Melbourne Festival explores the language of circus with ‘Lexicon’

beat.com.au

By Meg Crawford

Guidi is pumped for good reason, the show, which celebrates 250 years of circus in the ring, is on the cusp of a Botanic Gardens takeover as part of the Melbourne International Arts Festival.

It’s exciting too because NoFit State, one of the UK’s most innovative and daring circus companies, explores new territory with Lexicon. Specifically, the 32-year-old Welsh outfit is famed for its roving circus shows, where the audience stands for the duration of the performance, putting them right in the thick of the action.

With Lexicon, the company harkens back to a more traditional style of circus where the audience is seated in a tent, although there’s no sense that the show is any less thrilling.

“This was one of the challenges for me,” Guidi says. “After doing shows for 15 years that had a standing audience right in the middle of the action where everything was very, very close to them, I was presented with a 700-seat venue, and I thought, ‘How am I going to preserve that kind of proximity? The kind of intimacy where the audience feels that they are part of this world and not simply watching from afar?’

“But we’ve preserved a proximity, an intimacy, and there’s a great deal of rushing through and popping out from the audience – we’ve still captured all of the muscularity, carnality, and warmth.”

But Guidi needn’t have been apprehensive – by all accounts Lexicon nails it. “Somebody at the end of the first show, which was in the south of France, said, ‘C’est du grand cirque’ – this is really great circus,” Guidi recalls. “As a quote, that was exactly what I wanted to hear.”

Lexicon is a supremely thoughtful piece of circus, making the best use of Guidi’s forensic approach to the show, all of which is unsurprising given that Guidi is a guest lecturer at the Royal Welsh College of Music and Drama, has a PhD in 16th century tragedy and lectures all over the world.

“We started with research on the origins of circus, going to museums of circus, and spending a lot of time in the British Library archives of family circus and early fairground,” Guidi recalls. “I imbued myself with that.”

The next step was to track down a cast who could deliver her vision, which opened up a whole new world of performers. “All of a sudden, I could audition people I couldn’t previously with a show where there was a standing audience,” she explains. “With a seated audience, I could prioritise skills, which I couldn’t before, like juggling.”

It also led Guidi to reflect on the evolution of circus in the last ten to 15 years, during which time it’s been belatedly recognised as an art form.

“I didn’t want to throw the circus baby out with the bath water,” she says. “The research for this actually brought me back to the skills, the traditional circus families and the day-to-day dedication involved in what they did.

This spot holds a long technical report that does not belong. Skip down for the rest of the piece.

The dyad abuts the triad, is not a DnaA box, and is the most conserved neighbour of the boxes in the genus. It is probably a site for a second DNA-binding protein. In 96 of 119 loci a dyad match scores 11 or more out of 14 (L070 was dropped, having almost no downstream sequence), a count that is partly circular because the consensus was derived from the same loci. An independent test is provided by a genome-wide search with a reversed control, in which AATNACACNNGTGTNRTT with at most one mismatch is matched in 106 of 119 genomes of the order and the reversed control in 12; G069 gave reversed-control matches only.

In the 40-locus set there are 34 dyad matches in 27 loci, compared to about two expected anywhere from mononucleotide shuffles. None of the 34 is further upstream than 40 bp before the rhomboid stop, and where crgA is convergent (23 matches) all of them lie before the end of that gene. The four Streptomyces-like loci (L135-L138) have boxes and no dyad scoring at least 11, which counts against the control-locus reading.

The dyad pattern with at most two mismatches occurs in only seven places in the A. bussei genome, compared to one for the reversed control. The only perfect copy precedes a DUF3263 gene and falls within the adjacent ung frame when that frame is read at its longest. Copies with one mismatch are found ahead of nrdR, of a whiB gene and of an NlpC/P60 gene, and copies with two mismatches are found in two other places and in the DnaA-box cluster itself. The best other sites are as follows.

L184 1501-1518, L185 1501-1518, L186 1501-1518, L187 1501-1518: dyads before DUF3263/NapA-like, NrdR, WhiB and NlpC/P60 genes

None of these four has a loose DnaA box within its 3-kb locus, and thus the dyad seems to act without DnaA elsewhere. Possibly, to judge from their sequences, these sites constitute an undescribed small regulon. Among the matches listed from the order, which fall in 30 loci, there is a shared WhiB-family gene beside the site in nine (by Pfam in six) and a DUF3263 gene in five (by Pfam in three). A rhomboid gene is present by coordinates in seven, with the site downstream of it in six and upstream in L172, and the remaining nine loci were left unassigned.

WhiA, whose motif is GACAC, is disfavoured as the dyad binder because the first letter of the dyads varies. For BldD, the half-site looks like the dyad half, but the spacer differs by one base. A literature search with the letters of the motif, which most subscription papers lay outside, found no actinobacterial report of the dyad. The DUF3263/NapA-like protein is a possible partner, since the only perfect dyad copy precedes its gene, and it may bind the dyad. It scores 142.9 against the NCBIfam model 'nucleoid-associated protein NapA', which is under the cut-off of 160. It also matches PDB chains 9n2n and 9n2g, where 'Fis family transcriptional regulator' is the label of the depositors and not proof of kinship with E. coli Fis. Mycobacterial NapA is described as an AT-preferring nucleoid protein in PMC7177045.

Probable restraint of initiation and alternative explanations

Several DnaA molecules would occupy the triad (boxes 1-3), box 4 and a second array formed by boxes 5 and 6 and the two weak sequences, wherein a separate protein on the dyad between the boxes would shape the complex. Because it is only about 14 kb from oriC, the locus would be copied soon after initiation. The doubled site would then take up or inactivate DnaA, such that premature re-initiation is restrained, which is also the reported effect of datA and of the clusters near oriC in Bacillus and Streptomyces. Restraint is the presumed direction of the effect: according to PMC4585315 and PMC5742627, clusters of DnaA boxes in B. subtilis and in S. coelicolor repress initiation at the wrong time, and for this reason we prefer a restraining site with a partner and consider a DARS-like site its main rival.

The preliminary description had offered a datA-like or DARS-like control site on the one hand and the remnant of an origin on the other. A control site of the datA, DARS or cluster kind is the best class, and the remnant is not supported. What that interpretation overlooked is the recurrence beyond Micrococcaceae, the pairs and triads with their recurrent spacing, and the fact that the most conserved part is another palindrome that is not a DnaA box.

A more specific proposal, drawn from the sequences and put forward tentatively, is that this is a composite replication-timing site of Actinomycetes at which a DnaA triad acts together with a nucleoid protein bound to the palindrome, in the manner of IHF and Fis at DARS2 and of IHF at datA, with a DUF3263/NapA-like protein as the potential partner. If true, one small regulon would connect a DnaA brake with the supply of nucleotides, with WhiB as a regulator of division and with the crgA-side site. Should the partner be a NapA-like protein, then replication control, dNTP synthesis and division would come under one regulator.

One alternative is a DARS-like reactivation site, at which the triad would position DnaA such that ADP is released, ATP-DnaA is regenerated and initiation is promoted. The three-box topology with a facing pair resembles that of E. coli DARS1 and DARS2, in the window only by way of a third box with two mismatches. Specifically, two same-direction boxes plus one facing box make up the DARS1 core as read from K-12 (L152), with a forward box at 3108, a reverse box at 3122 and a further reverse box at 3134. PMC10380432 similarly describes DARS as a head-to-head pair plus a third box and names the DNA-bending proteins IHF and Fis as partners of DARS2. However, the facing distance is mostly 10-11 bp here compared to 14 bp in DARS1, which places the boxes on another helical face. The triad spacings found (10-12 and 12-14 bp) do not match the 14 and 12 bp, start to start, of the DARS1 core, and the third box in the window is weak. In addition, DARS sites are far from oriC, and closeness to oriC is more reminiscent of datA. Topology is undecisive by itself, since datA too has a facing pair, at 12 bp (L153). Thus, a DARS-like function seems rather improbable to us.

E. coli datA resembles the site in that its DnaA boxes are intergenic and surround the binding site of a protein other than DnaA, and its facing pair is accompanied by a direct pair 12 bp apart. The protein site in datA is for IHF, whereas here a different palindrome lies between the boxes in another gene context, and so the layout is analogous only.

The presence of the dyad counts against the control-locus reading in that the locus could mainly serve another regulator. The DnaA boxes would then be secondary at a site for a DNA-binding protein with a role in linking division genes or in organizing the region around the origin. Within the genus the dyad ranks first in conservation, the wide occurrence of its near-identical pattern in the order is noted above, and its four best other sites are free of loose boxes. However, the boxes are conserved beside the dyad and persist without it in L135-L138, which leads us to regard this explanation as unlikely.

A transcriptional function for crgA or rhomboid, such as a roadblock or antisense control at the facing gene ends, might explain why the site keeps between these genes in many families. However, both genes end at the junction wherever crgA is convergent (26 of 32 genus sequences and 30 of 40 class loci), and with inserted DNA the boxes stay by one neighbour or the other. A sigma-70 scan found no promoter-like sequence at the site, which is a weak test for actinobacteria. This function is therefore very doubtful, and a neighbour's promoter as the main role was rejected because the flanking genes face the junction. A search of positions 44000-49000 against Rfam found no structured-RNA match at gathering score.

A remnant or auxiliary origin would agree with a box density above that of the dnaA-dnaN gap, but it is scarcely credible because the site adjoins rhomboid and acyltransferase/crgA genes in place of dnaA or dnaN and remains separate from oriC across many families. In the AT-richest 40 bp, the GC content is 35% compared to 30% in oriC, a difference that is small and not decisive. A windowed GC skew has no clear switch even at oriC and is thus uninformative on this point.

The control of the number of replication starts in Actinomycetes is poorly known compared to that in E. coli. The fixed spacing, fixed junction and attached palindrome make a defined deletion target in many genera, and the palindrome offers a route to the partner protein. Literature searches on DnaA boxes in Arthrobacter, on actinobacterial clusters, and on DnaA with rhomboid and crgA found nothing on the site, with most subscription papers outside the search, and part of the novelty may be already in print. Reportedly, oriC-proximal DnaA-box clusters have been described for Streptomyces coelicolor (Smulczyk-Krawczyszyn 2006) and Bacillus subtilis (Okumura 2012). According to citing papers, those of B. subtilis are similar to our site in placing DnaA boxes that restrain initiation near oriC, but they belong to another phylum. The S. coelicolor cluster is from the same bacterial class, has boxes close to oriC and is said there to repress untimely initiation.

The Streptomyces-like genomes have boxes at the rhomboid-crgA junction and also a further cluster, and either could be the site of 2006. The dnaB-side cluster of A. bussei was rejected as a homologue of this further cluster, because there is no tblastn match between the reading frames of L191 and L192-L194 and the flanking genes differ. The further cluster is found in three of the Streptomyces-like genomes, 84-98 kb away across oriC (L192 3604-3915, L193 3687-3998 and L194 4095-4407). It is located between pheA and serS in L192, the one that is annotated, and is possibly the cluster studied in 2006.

“The show isn’t about ‘I do circus because I move certain things or certain objects,’ but really pays homage to a series of traditional skills, which require a lot of dedication, time and danger.”

It was the research too that fuelled her thinking for one of the show’s most indelible images – vintage desks and performers flying over the stage. “By going back to the origins of the circus form, my thinking was that I needed to celebrate their genesis.

“It was almost like going back to school for us, which is where the student and vintage desk concept came from. School is one of the first places where we learn about rules, and circus is a place where we can learn to break them.”

In fact, the show’s whole narrative explores the concept of circus as an avenue for rule breakers and outliers. “The entire dramaturgy of the piece is about getting rid of the figure of authority and showing that those who ran away with the circus – the misfits and the outcasts – are actually the ones whose imagination provokes magic. Not magic like Harry Potter with a magic wand. The magic here is misbehaving and in order to misbehave you need to have imagination.”

The other element of magic, from Guidi’s perspective, comes from revealing how the show is rigged.

“Everybody will see nine people on nine desks flying in the air and they will also see – if they want to see it – the human beings that bring them up in the air. There are no motors, no engines, no winches in the background. There is no hiding of the machinery and that’s also created magic,” she says.

“It’s actually a feat of engineering to take everybody up in the air, and have a swinging trapeze seamlessly going up and down to the ground with the performer on it, who can then just step out without doing anything.”

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